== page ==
The EveryMan Project tries to bring men into the body-positive conversation
What's your first memory of your body as a child?
That's the question famed fashion photographer Tarik Carroll asks his male models that always makes them freeze. That's probably because it's a question many men haven't been asked before, and Carroll understands why.
"Every man, to a certain degree, has body image issues," Carroll said in an interview. "But we've been programmed not to talk about it. We've been taught to man the fuck up and not really speak about those feelings and explore, like, 'Why do I feel this way about my body? Why do I look at myself like this?'"
While women proudly dominate the online conversation around accepting and loving your body, men, for the most part, aren't participating nearly as much in this body-positive conversation.
Carroll wanted to change that, so in May, he officially launched the EveryMan Project, a ongoing photo series he's already planning to turn into a book and a documentary.
Each of the photos in the series so far show men of different colors, sizes and identities posing much like the models you'd see in the pages of Vogue. That's something Carroll did purposefully, thanks to inspiration from '90s ad campaigns that featured buff male supermodels.
But rather than use buff male supermodels, Carroll is celebrating the men who rarely see themselves in any ad campaign at all.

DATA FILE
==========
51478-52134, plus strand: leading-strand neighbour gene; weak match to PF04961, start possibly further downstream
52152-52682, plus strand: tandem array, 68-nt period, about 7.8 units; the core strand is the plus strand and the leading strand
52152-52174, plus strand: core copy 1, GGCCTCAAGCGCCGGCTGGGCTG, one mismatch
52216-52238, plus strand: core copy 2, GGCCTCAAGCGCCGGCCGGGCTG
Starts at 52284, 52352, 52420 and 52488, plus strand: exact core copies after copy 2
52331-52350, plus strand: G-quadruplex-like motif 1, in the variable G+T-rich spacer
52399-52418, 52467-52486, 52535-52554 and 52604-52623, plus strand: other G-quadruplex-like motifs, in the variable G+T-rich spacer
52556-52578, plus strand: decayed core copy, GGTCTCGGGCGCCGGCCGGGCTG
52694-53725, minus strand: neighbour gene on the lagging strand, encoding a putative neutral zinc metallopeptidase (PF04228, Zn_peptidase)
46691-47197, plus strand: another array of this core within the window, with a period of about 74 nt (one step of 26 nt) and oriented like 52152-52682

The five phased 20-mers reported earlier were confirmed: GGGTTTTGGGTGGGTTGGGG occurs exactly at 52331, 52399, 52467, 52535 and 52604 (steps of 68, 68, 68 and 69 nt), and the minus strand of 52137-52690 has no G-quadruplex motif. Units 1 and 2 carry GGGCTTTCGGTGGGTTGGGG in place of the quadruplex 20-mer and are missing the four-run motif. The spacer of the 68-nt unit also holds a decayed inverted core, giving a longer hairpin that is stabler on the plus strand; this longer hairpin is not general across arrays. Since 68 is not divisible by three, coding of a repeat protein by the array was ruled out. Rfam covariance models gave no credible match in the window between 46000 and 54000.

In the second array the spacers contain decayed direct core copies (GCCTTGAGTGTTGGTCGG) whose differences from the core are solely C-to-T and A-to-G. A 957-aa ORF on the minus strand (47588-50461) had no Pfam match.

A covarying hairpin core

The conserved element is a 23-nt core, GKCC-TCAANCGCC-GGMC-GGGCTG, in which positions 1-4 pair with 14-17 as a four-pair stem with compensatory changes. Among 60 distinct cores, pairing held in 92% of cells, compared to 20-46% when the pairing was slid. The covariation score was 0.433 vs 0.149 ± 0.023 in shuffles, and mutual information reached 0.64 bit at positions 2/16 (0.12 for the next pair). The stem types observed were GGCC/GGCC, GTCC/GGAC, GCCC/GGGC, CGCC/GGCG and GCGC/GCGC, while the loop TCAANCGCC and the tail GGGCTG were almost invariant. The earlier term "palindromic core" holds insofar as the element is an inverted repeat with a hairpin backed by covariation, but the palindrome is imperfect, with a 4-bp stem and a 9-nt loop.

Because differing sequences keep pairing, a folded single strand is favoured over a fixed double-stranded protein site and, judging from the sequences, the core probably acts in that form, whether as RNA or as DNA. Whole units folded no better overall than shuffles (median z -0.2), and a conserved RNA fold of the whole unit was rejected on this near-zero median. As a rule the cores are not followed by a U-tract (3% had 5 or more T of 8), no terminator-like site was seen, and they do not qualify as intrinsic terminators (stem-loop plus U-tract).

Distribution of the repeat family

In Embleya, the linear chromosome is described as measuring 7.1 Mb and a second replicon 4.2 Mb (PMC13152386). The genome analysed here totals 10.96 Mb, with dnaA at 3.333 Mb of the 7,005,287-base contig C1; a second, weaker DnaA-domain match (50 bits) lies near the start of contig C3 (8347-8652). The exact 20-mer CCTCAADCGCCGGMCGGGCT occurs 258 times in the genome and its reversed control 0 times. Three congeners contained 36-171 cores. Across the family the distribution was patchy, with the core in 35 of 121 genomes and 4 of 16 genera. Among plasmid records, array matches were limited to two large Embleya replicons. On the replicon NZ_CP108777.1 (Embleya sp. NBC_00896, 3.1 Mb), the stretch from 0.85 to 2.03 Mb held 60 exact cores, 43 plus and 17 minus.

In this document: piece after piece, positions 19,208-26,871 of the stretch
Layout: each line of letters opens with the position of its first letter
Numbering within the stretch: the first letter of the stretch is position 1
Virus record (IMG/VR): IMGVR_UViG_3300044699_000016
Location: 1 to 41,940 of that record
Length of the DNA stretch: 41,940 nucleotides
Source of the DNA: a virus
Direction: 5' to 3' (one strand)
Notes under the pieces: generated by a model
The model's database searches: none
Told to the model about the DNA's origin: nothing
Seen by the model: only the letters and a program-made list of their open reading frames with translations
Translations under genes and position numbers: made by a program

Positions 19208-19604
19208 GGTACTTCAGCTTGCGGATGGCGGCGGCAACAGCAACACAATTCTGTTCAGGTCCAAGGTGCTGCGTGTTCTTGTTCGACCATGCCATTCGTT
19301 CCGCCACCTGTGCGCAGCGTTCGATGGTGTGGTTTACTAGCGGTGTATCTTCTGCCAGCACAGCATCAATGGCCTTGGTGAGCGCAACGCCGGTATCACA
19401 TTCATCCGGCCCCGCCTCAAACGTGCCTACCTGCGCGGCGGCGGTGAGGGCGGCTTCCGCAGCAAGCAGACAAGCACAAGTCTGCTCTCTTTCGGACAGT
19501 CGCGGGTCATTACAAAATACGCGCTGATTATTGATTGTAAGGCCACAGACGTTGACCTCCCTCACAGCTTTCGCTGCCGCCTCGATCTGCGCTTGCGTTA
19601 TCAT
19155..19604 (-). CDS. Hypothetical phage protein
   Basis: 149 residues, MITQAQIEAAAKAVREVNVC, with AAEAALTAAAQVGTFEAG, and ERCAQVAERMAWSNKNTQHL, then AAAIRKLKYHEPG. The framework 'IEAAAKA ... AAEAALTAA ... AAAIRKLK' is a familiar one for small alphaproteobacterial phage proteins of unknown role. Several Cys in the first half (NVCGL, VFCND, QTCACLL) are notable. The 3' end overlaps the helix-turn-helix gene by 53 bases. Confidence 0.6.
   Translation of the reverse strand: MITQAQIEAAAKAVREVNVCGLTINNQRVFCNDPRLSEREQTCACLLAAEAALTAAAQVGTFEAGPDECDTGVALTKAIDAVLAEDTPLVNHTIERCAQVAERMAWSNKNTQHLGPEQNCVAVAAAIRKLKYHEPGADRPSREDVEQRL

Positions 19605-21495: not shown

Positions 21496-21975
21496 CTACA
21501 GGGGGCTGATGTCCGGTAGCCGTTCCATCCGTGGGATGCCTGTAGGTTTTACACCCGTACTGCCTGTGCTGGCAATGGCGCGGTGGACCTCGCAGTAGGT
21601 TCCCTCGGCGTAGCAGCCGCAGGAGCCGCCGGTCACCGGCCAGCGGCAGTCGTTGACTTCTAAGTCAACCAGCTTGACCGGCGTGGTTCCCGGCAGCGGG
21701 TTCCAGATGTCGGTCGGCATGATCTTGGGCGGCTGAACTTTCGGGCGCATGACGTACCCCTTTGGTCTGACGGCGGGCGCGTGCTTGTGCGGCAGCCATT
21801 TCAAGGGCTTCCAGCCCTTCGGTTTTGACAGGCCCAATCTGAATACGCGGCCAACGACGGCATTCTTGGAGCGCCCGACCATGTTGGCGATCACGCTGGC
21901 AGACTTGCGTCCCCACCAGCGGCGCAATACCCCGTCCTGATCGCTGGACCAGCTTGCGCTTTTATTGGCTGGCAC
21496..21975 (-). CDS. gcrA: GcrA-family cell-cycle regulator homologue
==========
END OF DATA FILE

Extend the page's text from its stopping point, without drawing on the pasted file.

"It all went back to growing up as a kid and not seeing myself represented, as a black kid in Brooklyn and the tallest kid and the bigger kid," Carroll said. "You don't see yourself represented. What I decided to do was explore '90s fashion ads from Versace to Calvin Klein, and pieced together each shoot like, 'What if I recreated these with real size guys?'"
By shooting these photographs this way, Carroll sees it as him showing brands and companies that guys who break the mold can still be fashionable, cool and alluring.
"It's going to take a change in the mindset of how we look at ourselves as men, for bigger guys and guys without ripped abs to be out there," Carroll said. "It's all on one person willing to take the risk of doing things that are not conventional, shaking the table. I'm one photographer, and maybe one photographer will do something we're doing. Maybe a stylist will be like, 'Hey, let's do something different.'"
Ultimately, what Carroll hopes to create is a visual representation of body positivity as it stands now and a safe space for men to discuss their bodies.
"My main goal is to create a safe space," Carroll said. "And to really show what body positivity is. Body positivity is not fat versus skinny. It's being comfortable in your own skin. We're also battling toxic masculinity. It's like, yeah, you can be a man, but you don't have to dress according to social gender norms. My goal is to show the entire spectrum, going from skin color to body size to masculinity, and create a safe space where everyone can see themselves represented."
Currently, EveryMan is holding casting calls and taking applications from potential models for the project. The only real requirement, Carroll said, is that they're open.
"We're looking for guys who are open to share their stories about their journey and relationship with their bodies," Carroll said. "Open to share, open to discuss. That's the core thing. In them sharing their stories, they'll be able to help someone else."